The Burden of the South and Nation In Another Political YearBy Steve Suitts
Vol. 1, No. 1, 1978, pp. 5-6
Southern politics has seldom offered an opportunity for hope or joy to the agitating Southerner. For those of us who bel eve that race and equality have not surrendered their central place in the life of the South, the scars and terrors of past political defeats have made us reluctantly more the observant than the participant. Perhaps, it has sharpened our ability to see clearly. Or, like the neighborhood wag sharing the tales of some highway accident, it may be that we've come to be satisfied with describing politics instead of engaging it.
Yet, this year of all years brings a hope for some Southern liberals that the nature of politics is changing, that the politicians' views have improved, and that the nature of our problems has changed. As proof, it is noted that some of the most skillful masters of the old school of Southern politics are passing away from their places of political eminence. John McClellan of Arkansas, James Eastland of Mississippi, John Sparkman and Jim Allen of Alabama: none will sit in the U.S. Senate in 1979. Indeed, we are reminded that there has been no other year in the past twenty in which so many of the partricians of Southern heritage have relinquished their places.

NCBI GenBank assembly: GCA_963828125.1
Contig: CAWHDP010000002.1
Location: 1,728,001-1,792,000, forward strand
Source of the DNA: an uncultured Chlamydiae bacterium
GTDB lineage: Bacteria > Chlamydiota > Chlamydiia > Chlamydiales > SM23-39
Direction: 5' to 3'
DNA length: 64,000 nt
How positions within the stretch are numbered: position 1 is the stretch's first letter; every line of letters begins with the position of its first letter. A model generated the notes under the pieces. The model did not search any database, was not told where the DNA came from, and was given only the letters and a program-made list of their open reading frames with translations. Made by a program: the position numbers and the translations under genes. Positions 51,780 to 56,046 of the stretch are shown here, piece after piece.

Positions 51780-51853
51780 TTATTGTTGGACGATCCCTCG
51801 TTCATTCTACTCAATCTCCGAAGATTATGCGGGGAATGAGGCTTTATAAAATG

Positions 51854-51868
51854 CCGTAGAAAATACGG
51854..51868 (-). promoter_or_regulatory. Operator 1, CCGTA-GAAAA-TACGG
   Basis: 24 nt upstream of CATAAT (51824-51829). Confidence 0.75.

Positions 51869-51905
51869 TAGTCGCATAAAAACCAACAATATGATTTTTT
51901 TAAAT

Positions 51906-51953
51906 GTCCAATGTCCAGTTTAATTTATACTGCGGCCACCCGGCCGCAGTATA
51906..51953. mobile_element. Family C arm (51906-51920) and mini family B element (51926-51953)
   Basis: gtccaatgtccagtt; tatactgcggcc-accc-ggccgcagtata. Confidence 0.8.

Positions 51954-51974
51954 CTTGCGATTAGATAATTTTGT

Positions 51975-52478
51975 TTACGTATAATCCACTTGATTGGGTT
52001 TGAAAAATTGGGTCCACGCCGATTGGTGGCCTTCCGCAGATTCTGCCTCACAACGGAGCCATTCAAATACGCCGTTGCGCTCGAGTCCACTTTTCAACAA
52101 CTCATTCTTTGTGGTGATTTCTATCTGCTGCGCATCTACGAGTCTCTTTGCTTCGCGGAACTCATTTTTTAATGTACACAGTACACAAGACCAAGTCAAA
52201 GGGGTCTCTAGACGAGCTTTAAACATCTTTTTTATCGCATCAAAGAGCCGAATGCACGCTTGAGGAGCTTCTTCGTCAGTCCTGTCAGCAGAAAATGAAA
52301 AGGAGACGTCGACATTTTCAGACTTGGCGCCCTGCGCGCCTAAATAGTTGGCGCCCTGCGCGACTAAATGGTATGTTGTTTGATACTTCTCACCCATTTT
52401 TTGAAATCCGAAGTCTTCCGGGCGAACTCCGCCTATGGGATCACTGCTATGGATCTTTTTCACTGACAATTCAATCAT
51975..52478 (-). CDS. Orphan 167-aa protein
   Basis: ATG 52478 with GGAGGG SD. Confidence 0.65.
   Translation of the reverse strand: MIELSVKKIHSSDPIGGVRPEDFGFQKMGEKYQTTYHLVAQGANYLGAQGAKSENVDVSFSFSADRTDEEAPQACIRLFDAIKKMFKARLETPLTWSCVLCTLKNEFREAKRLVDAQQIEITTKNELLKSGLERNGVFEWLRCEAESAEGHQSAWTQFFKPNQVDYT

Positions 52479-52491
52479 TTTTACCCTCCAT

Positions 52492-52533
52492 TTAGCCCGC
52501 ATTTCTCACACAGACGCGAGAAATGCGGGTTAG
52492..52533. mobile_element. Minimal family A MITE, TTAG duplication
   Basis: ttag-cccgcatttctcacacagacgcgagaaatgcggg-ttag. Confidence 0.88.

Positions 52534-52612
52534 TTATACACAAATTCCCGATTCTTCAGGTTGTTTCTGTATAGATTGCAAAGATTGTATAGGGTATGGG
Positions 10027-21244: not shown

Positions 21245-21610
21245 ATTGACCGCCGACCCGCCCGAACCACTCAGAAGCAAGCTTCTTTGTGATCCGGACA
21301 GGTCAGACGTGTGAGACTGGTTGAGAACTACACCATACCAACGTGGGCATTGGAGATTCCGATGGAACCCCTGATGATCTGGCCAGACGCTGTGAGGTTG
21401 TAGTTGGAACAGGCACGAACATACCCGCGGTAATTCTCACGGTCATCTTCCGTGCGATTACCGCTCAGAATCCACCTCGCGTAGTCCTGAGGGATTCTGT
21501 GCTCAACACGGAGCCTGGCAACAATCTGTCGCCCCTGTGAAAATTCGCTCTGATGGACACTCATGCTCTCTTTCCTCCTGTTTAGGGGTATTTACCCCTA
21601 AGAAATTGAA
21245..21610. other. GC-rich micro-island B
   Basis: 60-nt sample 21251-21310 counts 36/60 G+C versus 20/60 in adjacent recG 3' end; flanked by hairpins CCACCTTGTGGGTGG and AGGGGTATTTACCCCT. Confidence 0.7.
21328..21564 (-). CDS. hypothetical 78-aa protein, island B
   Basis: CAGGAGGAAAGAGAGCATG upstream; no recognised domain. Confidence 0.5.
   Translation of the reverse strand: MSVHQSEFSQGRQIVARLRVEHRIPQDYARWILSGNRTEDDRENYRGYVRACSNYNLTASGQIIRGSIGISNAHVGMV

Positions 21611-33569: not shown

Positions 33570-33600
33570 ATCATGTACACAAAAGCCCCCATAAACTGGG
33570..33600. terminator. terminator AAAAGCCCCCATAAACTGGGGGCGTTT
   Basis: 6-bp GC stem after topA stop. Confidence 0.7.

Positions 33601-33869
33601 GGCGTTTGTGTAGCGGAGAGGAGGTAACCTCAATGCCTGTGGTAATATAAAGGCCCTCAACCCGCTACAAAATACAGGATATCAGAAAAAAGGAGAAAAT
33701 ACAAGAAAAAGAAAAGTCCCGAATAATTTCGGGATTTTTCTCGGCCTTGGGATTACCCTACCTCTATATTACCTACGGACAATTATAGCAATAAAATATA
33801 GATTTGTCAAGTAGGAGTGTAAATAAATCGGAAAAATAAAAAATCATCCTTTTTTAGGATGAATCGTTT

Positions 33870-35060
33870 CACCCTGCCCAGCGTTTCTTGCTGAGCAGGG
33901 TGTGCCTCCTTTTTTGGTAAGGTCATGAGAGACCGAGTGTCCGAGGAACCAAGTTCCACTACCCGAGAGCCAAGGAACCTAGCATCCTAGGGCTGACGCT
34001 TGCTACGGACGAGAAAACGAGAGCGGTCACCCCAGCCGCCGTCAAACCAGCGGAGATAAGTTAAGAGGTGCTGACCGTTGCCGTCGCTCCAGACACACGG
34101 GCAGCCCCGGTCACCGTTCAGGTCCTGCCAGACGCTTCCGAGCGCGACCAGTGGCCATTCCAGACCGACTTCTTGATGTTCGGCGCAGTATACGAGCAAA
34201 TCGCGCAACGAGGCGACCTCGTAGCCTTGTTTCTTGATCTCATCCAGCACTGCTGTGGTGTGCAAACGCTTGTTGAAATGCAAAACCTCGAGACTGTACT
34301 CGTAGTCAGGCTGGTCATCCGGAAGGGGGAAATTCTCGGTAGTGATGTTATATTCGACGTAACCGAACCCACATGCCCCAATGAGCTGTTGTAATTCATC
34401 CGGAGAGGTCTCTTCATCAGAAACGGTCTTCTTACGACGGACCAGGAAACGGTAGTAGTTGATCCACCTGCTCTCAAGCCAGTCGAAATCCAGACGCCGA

A little more memory may also tell us, however, that there have been countless numbers of days when we've tried to find major societal movements in our politics overnight, and only a few of them have sustained a lasting, progressive influence Remember when some were excited that Southerners stuck with Roosevelt through three administrations as Democrats and then it all fell apart as they walked out as Dixiecrats on Truman and the civil rights plank. Remember the hope when John Kennedy carried much of the region in 1960 and the despair when Barry Goldwater did it in 1964 and Richard Nixon in 1968 and again in 1972? There was a moment of euphoria the night Terry Sanford became Governor of North Carolina in the early 1960's and more than a moment of sadness when Jessie Helms went to the Senate from the same state in 1972.